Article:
What is vitiligo?
Vitiligo is a condition in which areas of skin lose their normal colour and so become lighter coloured and ultimately become white. It is common, and affects about 1% of the world’s population.
What causes vitiligo?
Skin colour is determined by the presence of a pigment called melanin. Our skin contains cells called melanocytes which produce this pigment. When melanin is destroyed in certain areas of skin, vitiligo results. The exact cause as to why cells suddenly lose pigment is not yet fully known but many think that it is a disease in which the body makes antibodies to its own melanocytes, and in doing so destroys them. After that, the skin cannot make melanin properly, and vitiligo is the result. In support of this idea is the way that people with vitiligo are more likely than others to have diseases, caused in much the same way, of other organs such as the thyroid.
Who can get Vitiligo ? Is it hereditary?
It affects men and women of all races equally, but is most easy to see in people with dark skins. It can start at any age but usually occurs before the age of 20. It is not a disease which can be transmitted.
About a third of people with vitiligo know of someone in their family who has it; but the exact type of inheritance has not yet been worked out. One problem here is that so many people have no idea if their relatives are hiding vitiligo under their clothing. If you have vitiligo, it does not follow that your children are sure to get it too.
What are the symptoms of vitiligo?
There are no symptoms as such like itching or burning. But affected people may become depressed or embarrassed by the look of their skin.
Melanin protects against the sun and because of the lack of melanin in the vitiligo patches , they are prone for sun damage. Sun burns and photosensitive reactions occur more easily on vitiligo patches which are exposed to the sun.
What does vitiligo look like?
Spots or patches in the skin which are lighter coloured or have lost colour should make one suspect vitiligo.
There are other conditions which can present with lighter coloured patches like Pitrasis Versicolor which is a fungal infection, or Leprosy, which is a bacterial infection .Therefore it is better to get an evaluation done.
Commonly vitiligo is seen in the exposed areas like the hands and face. Mucosal surfaces can also be affected like oral mucosa and genital mucosa. Vitiligo can also occur over areas of skin trauma, like cuts or burns. It is more prominent in people with dark skin because of the contrast .
How will vitiligo be diagnosed?
Clinical diagnosis is usually easy and is made on the basis of the appearance of the patches (white with a normal skin texture). A Wood’s (ultraviolet) light can help to show up white areas that could have been missed in a pale-skinned person. Once the diagnosis of vitiligo has been made, your doctor may want to check you for thyroid disease, and for other autoimmune conditions that are more common than usual in people with vitiligo.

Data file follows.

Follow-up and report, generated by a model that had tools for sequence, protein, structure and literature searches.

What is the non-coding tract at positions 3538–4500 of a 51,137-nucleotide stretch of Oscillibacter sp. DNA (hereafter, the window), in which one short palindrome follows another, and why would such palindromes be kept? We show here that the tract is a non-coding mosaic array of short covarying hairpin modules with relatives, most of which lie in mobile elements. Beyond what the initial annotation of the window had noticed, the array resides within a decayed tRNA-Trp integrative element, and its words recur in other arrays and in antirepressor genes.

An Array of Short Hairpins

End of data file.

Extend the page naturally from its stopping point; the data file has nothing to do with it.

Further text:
What is the course and prognosis ?
It is difficult to predict with certainity the behaviour of the disease.
Patches can be stable without enlarging or spreading and if they remain so for a period of two years it is called as stable vitiligo. This is more amenable to treatment. Localised vitiligo also responds favourably to treatment
Unstable vitiligo is more active with emergence of new patches and the disease becomes more generalized. Vitiligo of the mucosal areas is more resistant to treatment.
Can vitiligo be cured?
Vitiligo occasionally goes away by itself, and some treatments may slow its progress, but a cure cannot be guaranteed.
How can vitiligo be treated?
The treatment of vitiligo is both medical and surgical. Treatment options are many and you should discuss the options in detail with your Dermatologist.
If Vitiligo is within 10% of the body surface area , topical treatments are preferred. There are many options like topical steroids , Tacrolimus and psoralens.
If Vitiligo is more than 10% of the body surface area , it is better to consider systemic steroids, phototherapy or photochemotherapy.
For localized stable Vitiligo , surgical options like punch grafts and split skin grafts could be considered.
The use of a sunscreen with a sun protection factor of 25 or higher helps to prevent burning of the white patches of vitiligo.
Keep your self-confidence high by making your skin look as normal as possible. Learn about the right way to hide the white areas with cosmetics. Good modern ones come in a range of colours, are hard to rub off, and can be waterproof.
Don’t waste time changing your diet – this never does much good.
Resources: British Association of Dermatologists, IADVL Therapeutic guidelines.
Dr. Irene Nirmala Thomas
Associate Professor of Dermatology
Gulf Medical College Hospital and Research Centre Ajman